Niklaus Hilti, Head of Credit Suisse Insurance Linked Strategies,
Georges Bolli, Risk Aggregation & Management at Credit Suisse Insurance Linked Strategies
We took those findings that concern climate trends and tried to quantify their impact on the overall insurance industry, which includes the reinsurance and ILS markets. We believe that this report is the first of its kind to quantify the annual inflation of insurance losses due to climate change for the reinsurance and ILS markets. We also attempted to quantify the expected effects of a warmer climate that further increases extreme weather events on the (re)insurance industry over the next 20 years.
We believe that the annual inflation of losses for the (re)insurance industry due to climate change on property insurance lines is around 1.35% to 2.50%, depending on the exposure, region, type of natural peril, and seniority of the reinsurance transaction. The (re)insurance industry (including ILS) has not increased premiums sufficiently over the last two decades. In particular, the lower reinsurance premiums during the soft market phase between 2013 and 2017 were a heavy burden for margin adequacy. However, the challenging years from 2017 to 2021, with significant natural catastrophe losses, led to a steady increase in premiums on an almost global basis. This positive momentum was and still is necessary to adapt risk-adjusted premiums for reinsurers and ILS investors. Furthermore, the reinsurance market (including ILS) cannot afford to have lower risk-adjusted premiums going forward. Considering the inflation of insurance losses, risk-adjusted premiums will have to increase on average by at least 2% every year just to remain risk neutral (from a climate change perspective) in the future.
One of the questions asked most frequently by investors these days is whether risk models adequately reflect the climate change trend. We conducted an analysis of US hurricane risk, covering the period between 2006 and 2021. Our analysis showed that the inflation of insurance losses due to climate change is captured by the vendor model we included in our assessment.
Ultimately, we are convinced that it will be essential to apply strict measures and take decisive steps in managing the risks within ILS portfolios to make them resilient to inflation of insured losses caused by climate change. We believe that a combination of de-risking and higher premium levels is key for the reinsurance and ILS markets. Furthermore, the reinsurance and ILS markets have to react decisively now and demand annual increases in risk-adjusted premium levels in order to at least remain risk neutral with regard to climate change.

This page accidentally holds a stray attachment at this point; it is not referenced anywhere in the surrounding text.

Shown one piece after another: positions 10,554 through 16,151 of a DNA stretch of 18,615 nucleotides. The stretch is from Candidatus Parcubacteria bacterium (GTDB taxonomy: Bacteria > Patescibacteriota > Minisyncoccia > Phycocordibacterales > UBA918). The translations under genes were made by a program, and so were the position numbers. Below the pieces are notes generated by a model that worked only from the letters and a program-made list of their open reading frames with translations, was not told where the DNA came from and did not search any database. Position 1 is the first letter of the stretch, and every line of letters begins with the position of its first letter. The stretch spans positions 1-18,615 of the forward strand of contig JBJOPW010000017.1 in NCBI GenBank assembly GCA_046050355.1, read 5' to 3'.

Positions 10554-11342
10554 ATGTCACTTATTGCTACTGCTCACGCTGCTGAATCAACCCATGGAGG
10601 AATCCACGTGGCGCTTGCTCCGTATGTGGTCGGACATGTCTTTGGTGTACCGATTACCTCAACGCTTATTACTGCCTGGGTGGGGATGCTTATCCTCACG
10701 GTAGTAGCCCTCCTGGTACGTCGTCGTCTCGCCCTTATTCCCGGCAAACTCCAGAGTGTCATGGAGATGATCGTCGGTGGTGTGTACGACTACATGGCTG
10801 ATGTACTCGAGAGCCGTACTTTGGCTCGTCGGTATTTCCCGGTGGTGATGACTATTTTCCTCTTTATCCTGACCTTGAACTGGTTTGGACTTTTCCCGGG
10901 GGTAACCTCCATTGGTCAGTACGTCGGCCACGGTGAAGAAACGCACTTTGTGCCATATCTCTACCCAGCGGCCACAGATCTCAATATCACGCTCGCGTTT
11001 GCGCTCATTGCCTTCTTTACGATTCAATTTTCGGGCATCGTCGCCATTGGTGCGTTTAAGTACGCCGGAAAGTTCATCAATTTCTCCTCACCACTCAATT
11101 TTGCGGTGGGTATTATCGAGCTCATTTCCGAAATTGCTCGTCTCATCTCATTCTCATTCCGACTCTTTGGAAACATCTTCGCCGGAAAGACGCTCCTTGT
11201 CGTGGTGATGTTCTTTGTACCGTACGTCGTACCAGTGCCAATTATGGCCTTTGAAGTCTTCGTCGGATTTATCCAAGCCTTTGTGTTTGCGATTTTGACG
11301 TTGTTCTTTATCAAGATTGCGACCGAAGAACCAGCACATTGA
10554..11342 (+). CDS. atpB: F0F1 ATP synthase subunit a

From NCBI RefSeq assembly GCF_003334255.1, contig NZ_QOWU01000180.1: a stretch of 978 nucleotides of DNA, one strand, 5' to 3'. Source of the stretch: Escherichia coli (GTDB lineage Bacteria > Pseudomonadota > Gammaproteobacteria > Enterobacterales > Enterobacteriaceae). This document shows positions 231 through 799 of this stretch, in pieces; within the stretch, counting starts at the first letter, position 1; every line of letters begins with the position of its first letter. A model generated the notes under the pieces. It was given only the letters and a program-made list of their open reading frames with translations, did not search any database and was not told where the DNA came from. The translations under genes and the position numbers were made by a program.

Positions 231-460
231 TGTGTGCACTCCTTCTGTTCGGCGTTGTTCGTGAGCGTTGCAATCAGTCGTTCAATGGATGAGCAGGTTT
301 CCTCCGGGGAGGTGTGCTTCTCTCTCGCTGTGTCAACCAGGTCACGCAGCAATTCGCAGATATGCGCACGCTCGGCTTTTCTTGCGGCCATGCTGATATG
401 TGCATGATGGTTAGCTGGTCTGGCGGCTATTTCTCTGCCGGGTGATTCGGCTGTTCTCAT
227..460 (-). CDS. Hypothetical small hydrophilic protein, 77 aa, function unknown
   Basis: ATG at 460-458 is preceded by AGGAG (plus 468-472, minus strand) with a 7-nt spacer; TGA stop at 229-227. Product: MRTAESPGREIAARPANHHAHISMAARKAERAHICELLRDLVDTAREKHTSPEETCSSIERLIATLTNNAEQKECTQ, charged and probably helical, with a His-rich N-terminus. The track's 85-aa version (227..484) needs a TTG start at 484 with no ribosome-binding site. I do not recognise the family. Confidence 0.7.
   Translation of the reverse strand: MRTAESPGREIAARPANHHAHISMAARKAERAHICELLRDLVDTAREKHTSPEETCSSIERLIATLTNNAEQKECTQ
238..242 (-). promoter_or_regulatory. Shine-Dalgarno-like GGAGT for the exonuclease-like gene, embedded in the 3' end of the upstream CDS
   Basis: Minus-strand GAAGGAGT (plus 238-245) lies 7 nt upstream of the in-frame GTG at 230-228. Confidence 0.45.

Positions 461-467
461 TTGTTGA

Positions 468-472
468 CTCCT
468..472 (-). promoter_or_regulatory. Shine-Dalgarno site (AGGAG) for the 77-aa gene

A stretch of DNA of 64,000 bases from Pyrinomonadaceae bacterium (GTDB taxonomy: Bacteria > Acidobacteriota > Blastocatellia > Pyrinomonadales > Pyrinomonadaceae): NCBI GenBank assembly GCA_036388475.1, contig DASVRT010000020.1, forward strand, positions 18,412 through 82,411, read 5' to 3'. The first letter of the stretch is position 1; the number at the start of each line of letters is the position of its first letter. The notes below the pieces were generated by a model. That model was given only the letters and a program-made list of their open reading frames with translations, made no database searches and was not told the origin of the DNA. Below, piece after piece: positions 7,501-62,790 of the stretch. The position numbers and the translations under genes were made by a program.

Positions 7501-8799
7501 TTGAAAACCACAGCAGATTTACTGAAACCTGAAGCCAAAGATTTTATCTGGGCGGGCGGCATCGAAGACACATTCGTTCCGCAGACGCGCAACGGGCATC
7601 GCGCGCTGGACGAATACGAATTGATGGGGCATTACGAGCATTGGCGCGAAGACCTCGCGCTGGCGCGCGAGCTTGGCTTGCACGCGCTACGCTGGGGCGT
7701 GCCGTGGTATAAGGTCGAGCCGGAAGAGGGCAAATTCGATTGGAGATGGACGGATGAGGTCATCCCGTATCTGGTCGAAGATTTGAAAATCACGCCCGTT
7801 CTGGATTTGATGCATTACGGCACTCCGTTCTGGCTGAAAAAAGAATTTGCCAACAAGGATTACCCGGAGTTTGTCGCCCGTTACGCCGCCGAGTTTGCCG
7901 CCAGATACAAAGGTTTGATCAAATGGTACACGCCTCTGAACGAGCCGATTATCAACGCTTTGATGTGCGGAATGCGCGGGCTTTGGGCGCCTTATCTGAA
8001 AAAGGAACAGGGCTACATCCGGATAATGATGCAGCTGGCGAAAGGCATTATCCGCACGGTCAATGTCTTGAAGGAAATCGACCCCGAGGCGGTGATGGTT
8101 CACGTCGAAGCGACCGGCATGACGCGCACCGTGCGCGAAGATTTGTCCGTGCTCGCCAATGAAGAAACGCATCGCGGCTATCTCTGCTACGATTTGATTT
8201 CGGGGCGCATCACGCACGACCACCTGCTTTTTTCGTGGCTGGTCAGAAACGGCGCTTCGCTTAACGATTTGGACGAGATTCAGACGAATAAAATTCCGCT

The IPCC is an independent body that comprehensively analyzes and summarizes current research on climate change. The IPCC’s Sixth Assessment Report, which was published in August 2021, included explicit assessments of extreme weather events around the world in a changing climate for the first time, including on a regional scale. In this latest report, the IPCC published its findings on the causal relationship between human-induced global warming and extreme weather events, such as droughts, extreme precipitation, tropical cyclones, and other storms. It is clear from the report that even relatively small incremental increases in global temperatures can result in disproportionate changes in extreme weather events.
In this report and the underlying analysis, we attempt to apply the latest findings in the IPCC report to the (re)insurance and ILS industry, to answer the following questions:
- What are the most important extreme weather events for (re)insurance and ILS and what are the climate change trends observed for these risks?
- Do the risk models used in the (re)insurance and ILS industry correctly reflect those trends?
- Are market participants pricing climate change into their products?
- Are (re)insurers and ILS investors adequately compensated for climate trend risks?
- Are there ways to manage climate trends in (re)insurance and ILS?
- What is the outlook for the industry and how will the already inevitable further temperature increases impact the profitability of the global (re)insurance and ILS industry?
What proportion of the reinsurance and ILS markets is exposed to climate change risk?
Chart 1 shows the exposure to different regions and perils in the cat bond and reinsurance markets. Perils in gray indicate exposures that are not weather related. Those in green indicate exposures that are weather related. Perils in blue indicate mixed exposures, which may be weather related. In our impact analysis regarding climate change trends, we included green and blue perils. Therefore, our analysis covers approximately 80% to 90% of the weather-exposed part of the cat bond market and approximately 70% to 80% of the weather-related or weather-exposed part of the property catastrophe reinsurance market.